Co-written by Reubens and Apatow collaborator Paul Rust (Netflix series Love), Big Holiday’s episodic road-trip script is a good fit for the film’s sketch-based humor. Lee’s fast-paced, uncluttered style seems likely to hold the attention of young viewers for a while at least, as Pee-wee repeatedly risks danger and courts public humiliation in his comedic attempts to reunite with his best buddy. Don’t expect a wholesale return of the wacky original Playhouse characters (distinguished by a lineup of talking, inanimate objects and puppets that lent the series a consistently surreal tone) or the same level of winky ironic humor; this is an all-new outing more in the spirit of Big Adventure.

Longtime viewers may be satisfied enough that Pee-wee’s signature mannerisms all remain intact, including the chronically uncoordinated body language, ironic facial expressions, high-pitched voice and cackling laughter, all delivered by a man now in his 60s in an overly enthusiastic style intended to entertain the average 10-year-old. The filmmakers employ a combination of practical techniques crafted by Academy Award-winning makeup artist Ve Neill and digital effects to rather convincingly regress Reubens’ age by a couple of decades to achieve the more youthful appearance many still remember from his TV days.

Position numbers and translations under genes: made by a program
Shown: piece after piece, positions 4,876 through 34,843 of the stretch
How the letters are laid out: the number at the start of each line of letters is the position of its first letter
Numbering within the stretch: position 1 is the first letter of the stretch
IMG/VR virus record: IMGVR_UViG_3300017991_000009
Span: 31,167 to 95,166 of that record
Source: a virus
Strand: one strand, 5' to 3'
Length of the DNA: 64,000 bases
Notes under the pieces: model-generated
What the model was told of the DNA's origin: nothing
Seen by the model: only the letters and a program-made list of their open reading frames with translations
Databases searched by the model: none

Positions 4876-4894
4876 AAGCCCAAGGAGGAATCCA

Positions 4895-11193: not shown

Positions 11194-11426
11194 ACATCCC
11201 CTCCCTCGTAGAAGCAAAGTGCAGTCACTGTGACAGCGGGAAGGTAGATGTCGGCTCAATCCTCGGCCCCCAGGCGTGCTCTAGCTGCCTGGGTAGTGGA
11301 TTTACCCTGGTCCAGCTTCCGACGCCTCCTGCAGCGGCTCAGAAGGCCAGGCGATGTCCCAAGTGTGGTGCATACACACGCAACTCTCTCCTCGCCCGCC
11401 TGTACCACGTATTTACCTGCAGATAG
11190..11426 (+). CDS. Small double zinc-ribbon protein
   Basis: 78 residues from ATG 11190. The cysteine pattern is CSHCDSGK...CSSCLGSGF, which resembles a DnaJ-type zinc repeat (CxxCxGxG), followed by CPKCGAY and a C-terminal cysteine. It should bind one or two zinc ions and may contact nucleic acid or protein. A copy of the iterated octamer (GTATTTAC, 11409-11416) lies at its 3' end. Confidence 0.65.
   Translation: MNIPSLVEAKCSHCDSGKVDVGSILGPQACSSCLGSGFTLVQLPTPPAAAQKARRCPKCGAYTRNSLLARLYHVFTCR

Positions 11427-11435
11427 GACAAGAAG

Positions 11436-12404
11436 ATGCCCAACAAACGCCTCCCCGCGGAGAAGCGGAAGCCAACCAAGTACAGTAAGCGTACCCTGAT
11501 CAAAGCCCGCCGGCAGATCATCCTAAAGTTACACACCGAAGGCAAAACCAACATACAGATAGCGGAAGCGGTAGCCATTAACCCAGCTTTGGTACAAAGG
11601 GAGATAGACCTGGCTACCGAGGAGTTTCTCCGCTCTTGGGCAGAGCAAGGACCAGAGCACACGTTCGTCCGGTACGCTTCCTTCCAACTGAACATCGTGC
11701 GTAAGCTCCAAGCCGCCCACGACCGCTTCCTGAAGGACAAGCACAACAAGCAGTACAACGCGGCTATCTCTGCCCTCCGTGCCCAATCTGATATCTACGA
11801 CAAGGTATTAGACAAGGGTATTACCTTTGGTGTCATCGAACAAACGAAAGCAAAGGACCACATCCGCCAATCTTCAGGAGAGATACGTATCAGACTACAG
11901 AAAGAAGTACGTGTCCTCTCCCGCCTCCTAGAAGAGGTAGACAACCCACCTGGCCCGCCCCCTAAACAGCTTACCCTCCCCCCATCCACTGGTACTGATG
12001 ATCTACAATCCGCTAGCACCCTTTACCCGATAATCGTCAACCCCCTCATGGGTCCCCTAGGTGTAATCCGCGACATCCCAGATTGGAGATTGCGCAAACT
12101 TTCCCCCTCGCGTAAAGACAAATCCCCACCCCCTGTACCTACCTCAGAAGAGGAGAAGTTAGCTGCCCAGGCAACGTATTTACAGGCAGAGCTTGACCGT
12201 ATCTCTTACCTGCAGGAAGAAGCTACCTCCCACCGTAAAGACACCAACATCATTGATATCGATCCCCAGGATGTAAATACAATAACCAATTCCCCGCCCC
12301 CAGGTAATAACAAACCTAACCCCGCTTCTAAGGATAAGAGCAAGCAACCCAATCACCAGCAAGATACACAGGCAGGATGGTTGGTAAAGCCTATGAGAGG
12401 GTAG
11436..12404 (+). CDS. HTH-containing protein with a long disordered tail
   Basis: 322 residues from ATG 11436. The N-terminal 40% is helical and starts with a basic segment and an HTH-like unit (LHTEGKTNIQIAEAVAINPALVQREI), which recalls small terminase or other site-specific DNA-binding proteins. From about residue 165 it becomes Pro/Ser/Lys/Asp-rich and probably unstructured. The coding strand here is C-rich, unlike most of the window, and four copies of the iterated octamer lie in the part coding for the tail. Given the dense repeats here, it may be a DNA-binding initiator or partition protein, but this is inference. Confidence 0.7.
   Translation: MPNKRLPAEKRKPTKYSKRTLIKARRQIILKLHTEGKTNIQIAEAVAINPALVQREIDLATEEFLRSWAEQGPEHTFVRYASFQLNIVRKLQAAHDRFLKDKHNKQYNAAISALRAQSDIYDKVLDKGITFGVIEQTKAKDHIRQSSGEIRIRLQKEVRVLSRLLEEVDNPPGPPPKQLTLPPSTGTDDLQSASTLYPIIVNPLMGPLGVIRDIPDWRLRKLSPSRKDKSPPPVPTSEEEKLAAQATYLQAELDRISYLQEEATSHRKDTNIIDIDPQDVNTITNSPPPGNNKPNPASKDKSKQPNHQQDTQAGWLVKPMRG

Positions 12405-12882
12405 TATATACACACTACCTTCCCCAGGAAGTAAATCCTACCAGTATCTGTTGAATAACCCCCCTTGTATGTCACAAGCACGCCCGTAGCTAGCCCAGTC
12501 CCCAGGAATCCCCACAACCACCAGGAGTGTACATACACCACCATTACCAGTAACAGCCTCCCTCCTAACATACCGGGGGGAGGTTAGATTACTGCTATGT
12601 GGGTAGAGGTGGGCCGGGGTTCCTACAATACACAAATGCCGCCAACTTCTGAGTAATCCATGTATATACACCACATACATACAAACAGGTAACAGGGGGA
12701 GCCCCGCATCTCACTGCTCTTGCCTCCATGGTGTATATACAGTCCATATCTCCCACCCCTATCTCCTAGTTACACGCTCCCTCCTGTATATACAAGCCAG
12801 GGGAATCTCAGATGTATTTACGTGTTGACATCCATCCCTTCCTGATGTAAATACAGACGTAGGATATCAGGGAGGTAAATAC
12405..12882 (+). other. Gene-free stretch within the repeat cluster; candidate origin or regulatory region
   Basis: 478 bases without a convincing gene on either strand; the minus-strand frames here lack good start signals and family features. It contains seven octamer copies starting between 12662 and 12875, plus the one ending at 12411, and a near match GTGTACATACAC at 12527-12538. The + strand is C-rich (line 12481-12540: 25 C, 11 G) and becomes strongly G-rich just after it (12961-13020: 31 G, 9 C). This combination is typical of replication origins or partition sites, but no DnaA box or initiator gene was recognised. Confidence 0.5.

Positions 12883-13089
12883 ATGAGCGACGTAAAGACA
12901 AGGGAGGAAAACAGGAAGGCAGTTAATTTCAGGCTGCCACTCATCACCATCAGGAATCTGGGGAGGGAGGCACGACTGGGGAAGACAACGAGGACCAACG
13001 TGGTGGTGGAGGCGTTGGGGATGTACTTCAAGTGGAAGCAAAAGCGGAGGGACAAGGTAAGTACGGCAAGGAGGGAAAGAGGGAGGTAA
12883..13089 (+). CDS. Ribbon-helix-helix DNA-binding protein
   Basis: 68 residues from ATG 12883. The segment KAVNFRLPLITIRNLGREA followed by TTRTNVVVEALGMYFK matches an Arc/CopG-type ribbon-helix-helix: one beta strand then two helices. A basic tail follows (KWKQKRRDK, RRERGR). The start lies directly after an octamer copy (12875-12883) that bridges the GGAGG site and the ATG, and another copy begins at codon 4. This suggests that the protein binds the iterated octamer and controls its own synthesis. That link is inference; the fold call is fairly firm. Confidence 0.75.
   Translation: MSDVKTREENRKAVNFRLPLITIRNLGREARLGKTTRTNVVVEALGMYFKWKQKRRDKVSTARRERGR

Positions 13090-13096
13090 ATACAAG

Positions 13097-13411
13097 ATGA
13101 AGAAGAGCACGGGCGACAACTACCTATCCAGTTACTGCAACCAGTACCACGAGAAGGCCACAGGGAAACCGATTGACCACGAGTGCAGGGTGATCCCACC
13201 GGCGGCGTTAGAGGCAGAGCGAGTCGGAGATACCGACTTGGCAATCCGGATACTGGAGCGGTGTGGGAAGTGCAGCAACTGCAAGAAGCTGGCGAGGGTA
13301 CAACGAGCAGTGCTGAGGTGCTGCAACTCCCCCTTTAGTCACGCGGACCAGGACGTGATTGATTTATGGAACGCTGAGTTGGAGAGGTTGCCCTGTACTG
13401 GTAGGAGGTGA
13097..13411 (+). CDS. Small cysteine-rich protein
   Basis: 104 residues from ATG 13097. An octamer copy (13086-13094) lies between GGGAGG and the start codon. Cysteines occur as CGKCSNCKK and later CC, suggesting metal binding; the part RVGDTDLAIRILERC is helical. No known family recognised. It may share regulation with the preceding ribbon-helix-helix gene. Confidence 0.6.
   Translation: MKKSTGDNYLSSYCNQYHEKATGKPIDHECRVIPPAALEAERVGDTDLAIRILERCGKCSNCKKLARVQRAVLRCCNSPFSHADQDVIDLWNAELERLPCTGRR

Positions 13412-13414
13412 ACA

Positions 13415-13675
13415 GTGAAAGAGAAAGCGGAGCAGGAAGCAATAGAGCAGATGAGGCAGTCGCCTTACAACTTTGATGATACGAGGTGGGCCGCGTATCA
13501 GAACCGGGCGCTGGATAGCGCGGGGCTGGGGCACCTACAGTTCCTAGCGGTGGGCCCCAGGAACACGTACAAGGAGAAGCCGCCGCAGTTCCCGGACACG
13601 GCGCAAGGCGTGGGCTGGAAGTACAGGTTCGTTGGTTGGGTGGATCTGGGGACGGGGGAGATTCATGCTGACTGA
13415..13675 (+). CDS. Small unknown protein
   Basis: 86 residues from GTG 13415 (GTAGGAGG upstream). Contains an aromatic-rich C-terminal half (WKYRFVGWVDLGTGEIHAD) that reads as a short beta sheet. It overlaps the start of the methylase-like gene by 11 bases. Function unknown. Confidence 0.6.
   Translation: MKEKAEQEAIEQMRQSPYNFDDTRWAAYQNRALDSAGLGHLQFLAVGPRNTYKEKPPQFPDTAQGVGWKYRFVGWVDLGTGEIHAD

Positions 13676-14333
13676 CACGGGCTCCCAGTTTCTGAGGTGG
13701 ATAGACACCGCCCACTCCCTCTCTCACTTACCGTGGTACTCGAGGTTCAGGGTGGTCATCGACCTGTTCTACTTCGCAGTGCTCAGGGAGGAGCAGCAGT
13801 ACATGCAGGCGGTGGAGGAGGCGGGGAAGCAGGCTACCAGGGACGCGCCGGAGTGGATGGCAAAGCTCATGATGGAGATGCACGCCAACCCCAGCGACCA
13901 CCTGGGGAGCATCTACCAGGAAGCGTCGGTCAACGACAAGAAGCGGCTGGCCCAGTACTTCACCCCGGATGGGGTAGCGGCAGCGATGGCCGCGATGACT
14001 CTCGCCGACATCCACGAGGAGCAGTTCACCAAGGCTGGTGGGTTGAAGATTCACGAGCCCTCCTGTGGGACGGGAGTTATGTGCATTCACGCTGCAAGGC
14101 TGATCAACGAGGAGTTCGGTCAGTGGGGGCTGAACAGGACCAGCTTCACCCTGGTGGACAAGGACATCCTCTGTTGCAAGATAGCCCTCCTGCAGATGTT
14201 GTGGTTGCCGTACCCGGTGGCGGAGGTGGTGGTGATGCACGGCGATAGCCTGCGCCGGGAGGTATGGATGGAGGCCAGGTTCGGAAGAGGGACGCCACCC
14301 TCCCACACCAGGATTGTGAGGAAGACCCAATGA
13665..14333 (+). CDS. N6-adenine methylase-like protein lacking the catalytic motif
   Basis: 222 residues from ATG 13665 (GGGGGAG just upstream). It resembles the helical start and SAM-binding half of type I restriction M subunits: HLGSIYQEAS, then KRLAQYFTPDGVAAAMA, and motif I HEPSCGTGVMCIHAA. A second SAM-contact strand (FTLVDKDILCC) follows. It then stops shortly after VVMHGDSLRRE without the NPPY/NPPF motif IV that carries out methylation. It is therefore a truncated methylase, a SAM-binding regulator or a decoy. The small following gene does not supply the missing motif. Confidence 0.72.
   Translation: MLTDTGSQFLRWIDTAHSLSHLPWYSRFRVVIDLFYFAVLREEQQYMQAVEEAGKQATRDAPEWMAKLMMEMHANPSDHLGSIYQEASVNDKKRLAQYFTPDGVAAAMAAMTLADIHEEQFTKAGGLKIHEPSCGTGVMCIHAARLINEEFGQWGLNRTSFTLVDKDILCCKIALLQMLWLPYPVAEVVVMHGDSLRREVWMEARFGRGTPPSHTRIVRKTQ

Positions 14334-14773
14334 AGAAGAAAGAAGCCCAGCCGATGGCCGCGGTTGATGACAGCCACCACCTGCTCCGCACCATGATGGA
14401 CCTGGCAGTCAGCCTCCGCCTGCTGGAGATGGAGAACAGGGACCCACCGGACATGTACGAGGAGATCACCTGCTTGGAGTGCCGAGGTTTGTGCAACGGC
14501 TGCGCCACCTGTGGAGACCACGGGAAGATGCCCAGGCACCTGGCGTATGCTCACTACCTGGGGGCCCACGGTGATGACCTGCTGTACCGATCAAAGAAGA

This eerily unnerving process appears to put him in about the same age bracket as his co-stars, who form a fervid chorus of supporters. Manganiello’s performance as Pee-wee’s newly minted BFF registers as especially over-the-top, while Shawkat’s bank robber with a heart of gold helps reprise Pee-wee’s long-standing thematic messages of friendship, tolerance and loyalty with apparent passion.

At one time, this combination of sincerity and quirkiness struck a resounding chord with kids and adults alike, but Big Holiday would likely need to inspire a significant new level of enthusiasm to sustain the plans Reubens has already mentioned for further Pee-wee projects.

Venue: South By Southwest Film Festival (Headliners)
Distributor: Netflix
Production companies: A Judd Apatow/Paul Reubens Production

Cast: Paul Reubens, Joe Manganiello, Alia Shawkat, Jessica Pohly, Stephanie Beatriz, Tara Buck, Richard Riehle, Brad William Henke, Diane Louise Salinger
Director: John Lee
Screenwriters: Paul Reubens, Paul Rust
Producers: Judd Apatow, Paul Reubens
Executive producers: Joshua Church, Richard Vane
Director of photography: Tim Orr
Production designer: Dan Butts
Costume designer: Karen Patch
Editor: Jeff Buchanan
Music: Mark Mothersbaugh
Casting director: Victoria Thomas

Not rated, 89 minutes